Research data and the public good
Researchers in economics and the social sciences often complain that they have limited or no access to high-quality public-sector data, such as those collected by National Statistical Institutes to build governmental statistics and write the reports that underpin the implementation of public policies. To be sure, the situation is improving in several countries at least in Europe, and I am myself involved in a FP7 project (DwB) that aims to harmonise and simplify data access across countries. And, some National Statistical Institutes already have a strong tradition of allowing researchers to access their data -in particular the British ONS and the French INSEE.
Yet until recently, researchers themselves rarely made their own data, metadata and/or source code available to others – and journals tended to ask only for findings, not the data on which they were based. Wouldn’t data release be a condition of scientific integrity, not to mention a way to serve the public good? Open information and open access, it is increasingly widely agreed, are conditions of good governance and along these lines, research should participate in this trend.
Things are changing, though slowly. CESSDA archives in Europe, and their equivalent in other countries (ICPSR in the US in particular) offer platforms for researchers to share their data. Journals, also, have started participating in this trend, though slowly and motivated by different reasons. American Economic Review, n. 1 journal in economics, started in 2003 encouraging its authors to make available their data, programmes and sets of intructions used to analyse them; the policy became mandatory a few years later. (Their data policy is available here; a report has been written on compliance last November). Other top economics journals have followed suit, most prominently Econometrica, Economic Journal, Federal Reserve Bank of St. Louis Review, Journal of Applied Econometrics, Journal of Business and Economic Statistics, Journal of Money, Credit and Banking. They generally offer a space on their websites where the data should go, but sometimes allow authors to post their data in a website or repository of their choice, provided they are widely available. I know less well the policies of journals in other social sciences, but for example, Sociological Methods & Research also requires authors to make their data available.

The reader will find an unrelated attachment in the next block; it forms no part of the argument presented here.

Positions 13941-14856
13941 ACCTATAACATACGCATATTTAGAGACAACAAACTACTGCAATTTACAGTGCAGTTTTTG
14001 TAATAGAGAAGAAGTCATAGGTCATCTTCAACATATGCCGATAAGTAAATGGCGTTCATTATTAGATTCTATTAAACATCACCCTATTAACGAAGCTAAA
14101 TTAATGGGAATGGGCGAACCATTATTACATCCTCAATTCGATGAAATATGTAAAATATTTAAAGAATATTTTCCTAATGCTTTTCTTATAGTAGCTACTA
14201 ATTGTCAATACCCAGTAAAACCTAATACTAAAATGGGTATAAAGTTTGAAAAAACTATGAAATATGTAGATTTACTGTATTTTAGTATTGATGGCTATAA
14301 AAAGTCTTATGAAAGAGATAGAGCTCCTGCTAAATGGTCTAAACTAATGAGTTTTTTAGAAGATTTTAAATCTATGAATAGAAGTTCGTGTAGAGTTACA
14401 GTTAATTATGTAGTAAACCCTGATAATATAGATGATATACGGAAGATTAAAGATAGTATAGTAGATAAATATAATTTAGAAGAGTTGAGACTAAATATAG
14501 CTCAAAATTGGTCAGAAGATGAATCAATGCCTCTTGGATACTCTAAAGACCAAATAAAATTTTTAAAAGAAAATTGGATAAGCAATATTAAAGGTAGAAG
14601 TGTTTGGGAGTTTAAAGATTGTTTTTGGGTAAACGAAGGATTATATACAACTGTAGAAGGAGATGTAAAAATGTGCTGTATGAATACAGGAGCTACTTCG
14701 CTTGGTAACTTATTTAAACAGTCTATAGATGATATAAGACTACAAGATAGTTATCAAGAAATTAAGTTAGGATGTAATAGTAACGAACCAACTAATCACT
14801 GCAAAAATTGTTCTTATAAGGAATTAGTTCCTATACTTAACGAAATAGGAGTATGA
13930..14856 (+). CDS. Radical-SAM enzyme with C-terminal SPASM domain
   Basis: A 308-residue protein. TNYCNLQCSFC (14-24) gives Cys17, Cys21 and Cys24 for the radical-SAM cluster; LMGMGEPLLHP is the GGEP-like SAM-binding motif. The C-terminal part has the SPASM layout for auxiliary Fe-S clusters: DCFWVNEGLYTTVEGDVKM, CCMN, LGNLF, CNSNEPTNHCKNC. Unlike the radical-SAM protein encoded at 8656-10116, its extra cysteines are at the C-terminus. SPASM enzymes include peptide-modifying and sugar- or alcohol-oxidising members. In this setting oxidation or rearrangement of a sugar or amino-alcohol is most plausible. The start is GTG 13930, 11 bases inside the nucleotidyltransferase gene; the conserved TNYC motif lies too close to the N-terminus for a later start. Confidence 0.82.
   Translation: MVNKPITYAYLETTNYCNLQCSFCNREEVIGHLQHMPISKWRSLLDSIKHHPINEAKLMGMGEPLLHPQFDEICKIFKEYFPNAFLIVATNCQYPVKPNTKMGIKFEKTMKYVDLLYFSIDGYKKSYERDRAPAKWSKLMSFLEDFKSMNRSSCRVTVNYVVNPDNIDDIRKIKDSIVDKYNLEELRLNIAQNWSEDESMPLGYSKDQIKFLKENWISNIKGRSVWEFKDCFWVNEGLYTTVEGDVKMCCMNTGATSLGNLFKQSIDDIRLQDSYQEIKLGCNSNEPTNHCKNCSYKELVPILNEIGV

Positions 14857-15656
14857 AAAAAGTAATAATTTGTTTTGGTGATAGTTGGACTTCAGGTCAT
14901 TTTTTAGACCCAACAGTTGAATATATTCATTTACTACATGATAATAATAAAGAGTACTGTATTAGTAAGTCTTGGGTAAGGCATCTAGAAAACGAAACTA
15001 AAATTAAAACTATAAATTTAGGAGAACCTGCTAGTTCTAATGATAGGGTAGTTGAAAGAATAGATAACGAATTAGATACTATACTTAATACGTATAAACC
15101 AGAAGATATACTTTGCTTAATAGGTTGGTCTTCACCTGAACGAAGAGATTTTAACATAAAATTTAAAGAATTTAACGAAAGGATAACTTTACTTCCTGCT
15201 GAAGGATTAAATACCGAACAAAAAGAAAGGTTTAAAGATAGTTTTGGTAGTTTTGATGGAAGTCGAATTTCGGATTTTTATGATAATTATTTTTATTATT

(It goes without saying that any personal data must be anonymised, and can be replaced by just precise instructions on how to access them if they are the property of someone else, e.g. a National Statistical Institute, or if they are highly sensitive/confidential.)
Although such a data policy is not yet mainstream, the fact that top journals are leading the way suggests that it is likely to become more widespread in the years to come. Journals are moving in this direction mainly for purposes of replication (and therefore, scientific integrity) rather than public usefulness, it must be said; but still, this can contribute to achieving openness as a form of public good.
National Statistical Institutes and other providers of data useful for social science research may consider encouraging this trend, asking researchers to make available their data, metadata, and source code through some openly accessible website, institutional repository or data archive, provided anonymisation is ensured and all necessary measures are taken to protect confidentiality. That would accompany and support a trend that is already in place, shifting the focus a little bit from just replication per se to the wider issue of public usefulness of data and research.
Filed under: Research, Social science methodology | Leave a Comment
Tags: Data access, Governmental data, Open access to scientific publications, Quantitative methods, Research ethics, Social science data, Statistical modeling
I am an economic sociologist with interest in social networks and their impact on markets, organisations, consumer choice and health.
My research also includes work in social science methodology and data.
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